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Friday, December 01, 2006

Thomas Hawk in Wired

The Right to Bear SLRs:
"Hawk (his photo-blogging pseudonym) wanders into the grimy Transbay bus terminal and begins shooting its interior artwork and graffiti. Within 90 seconds, a security guard approaches.

“Can I see a permit, please?” he says.

“I don’t have a permit,” Hawk replies amiably, eye pressed to the viewfinder. “I’m just taking a few pictures. I’ll move along in a minute.”

“You need a permit here, sir.”

“No, I don’t need a permit,” Hawk says, composing a shot.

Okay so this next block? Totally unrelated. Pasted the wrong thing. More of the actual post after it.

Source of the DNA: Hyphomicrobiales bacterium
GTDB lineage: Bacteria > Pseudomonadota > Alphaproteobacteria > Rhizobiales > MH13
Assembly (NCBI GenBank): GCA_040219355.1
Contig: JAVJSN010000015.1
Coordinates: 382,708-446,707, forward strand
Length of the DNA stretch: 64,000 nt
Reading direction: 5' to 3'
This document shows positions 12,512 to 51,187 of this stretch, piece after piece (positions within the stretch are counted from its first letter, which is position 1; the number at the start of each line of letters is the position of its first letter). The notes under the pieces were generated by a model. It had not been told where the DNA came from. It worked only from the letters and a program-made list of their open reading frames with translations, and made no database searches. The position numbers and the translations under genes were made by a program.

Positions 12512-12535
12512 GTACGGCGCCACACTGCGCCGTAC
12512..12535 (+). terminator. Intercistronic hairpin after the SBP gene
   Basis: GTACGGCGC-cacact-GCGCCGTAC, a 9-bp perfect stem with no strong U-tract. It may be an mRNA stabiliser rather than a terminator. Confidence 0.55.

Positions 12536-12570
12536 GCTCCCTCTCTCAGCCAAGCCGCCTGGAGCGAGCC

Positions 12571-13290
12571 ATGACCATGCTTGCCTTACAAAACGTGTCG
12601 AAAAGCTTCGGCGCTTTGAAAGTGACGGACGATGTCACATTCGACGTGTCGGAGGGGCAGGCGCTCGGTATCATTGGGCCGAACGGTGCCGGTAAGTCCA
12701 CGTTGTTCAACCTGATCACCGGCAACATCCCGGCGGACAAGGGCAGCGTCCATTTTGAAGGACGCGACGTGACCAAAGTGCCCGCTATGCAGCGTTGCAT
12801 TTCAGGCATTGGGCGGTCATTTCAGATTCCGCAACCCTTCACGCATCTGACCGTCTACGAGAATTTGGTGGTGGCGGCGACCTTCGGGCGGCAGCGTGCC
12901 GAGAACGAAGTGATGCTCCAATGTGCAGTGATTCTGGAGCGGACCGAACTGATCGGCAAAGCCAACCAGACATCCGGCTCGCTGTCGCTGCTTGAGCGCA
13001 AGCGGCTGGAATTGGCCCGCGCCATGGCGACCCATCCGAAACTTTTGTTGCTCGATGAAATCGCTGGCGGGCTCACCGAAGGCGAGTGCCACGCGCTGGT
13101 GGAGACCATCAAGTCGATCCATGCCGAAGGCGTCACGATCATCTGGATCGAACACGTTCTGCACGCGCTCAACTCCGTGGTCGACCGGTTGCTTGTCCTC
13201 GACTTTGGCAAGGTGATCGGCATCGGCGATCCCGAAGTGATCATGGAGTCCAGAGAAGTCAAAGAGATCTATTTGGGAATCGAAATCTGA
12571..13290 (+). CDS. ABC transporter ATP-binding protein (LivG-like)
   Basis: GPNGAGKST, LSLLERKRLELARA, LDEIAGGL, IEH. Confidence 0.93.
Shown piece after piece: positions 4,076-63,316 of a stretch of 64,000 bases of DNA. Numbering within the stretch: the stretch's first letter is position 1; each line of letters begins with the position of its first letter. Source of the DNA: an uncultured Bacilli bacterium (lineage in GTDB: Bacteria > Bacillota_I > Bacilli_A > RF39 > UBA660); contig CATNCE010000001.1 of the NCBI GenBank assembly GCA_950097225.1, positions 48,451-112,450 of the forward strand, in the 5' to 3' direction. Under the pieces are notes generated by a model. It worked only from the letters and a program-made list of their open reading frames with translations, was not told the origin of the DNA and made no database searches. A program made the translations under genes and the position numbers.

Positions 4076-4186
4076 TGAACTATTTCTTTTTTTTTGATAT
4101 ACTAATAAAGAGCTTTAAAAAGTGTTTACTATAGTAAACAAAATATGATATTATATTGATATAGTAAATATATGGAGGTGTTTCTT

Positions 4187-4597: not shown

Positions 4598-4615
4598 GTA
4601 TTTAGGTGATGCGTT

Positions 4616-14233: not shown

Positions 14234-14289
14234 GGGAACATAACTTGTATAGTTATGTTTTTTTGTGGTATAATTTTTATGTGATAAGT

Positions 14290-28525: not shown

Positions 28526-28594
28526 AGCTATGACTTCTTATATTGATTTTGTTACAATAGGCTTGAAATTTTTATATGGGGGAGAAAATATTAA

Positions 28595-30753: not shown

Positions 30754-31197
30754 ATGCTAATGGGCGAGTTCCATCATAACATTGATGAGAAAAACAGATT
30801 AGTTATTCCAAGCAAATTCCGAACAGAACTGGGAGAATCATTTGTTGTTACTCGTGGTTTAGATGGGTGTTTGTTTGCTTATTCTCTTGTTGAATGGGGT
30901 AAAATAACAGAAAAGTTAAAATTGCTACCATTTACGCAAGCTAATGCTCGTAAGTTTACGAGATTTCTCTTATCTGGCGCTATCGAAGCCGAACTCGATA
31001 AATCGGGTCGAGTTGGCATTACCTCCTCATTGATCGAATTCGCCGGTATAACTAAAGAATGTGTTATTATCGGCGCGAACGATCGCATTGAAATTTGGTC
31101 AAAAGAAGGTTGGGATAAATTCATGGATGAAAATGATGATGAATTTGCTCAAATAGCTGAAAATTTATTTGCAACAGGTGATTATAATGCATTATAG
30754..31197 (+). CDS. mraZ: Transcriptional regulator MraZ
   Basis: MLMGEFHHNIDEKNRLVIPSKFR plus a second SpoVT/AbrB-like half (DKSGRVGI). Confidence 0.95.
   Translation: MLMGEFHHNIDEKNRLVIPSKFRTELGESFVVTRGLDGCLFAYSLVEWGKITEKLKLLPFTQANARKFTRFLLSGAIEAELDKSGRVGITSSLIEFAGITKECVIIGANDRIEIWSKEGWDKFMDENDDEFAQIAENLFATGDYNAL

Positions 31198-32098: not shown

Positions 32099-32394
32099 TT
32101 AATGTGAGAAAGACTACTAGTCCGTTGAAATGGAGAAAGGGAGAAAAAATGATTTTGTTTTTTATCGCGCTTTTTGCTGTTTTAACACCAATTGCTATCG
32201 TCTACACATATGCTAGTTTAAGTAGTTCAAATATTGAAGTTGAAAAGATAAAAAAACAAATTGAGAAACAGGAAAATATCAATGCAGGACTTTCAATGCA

“Sir, do you understand what I’m telling you?”

“I do. Just taking a few pictures.”

“I’m going to have to call the highway patrol,” the guard huffs and walks off.

Hawk wraps up his photos and wanders out a few minutes later. “Most of the time, that’s what you get,” he says. “Guy comes up, says you can’t take pictures. You have a little back-and-forth and then they go away.” Shooting in public places, as he says he’s forced to point out frequently, is perfectly legal – neither private security guards nor police can prevent anyone from taking photos unless a specific local ordinance prohibits it. (And, legally, no one can seize your memory card without a court order.)"
Thomas Hawk's photos about Transbay.

Photographing Architecture is Not a Crime, Thomas Hawk vs. Building Security Episode 118.

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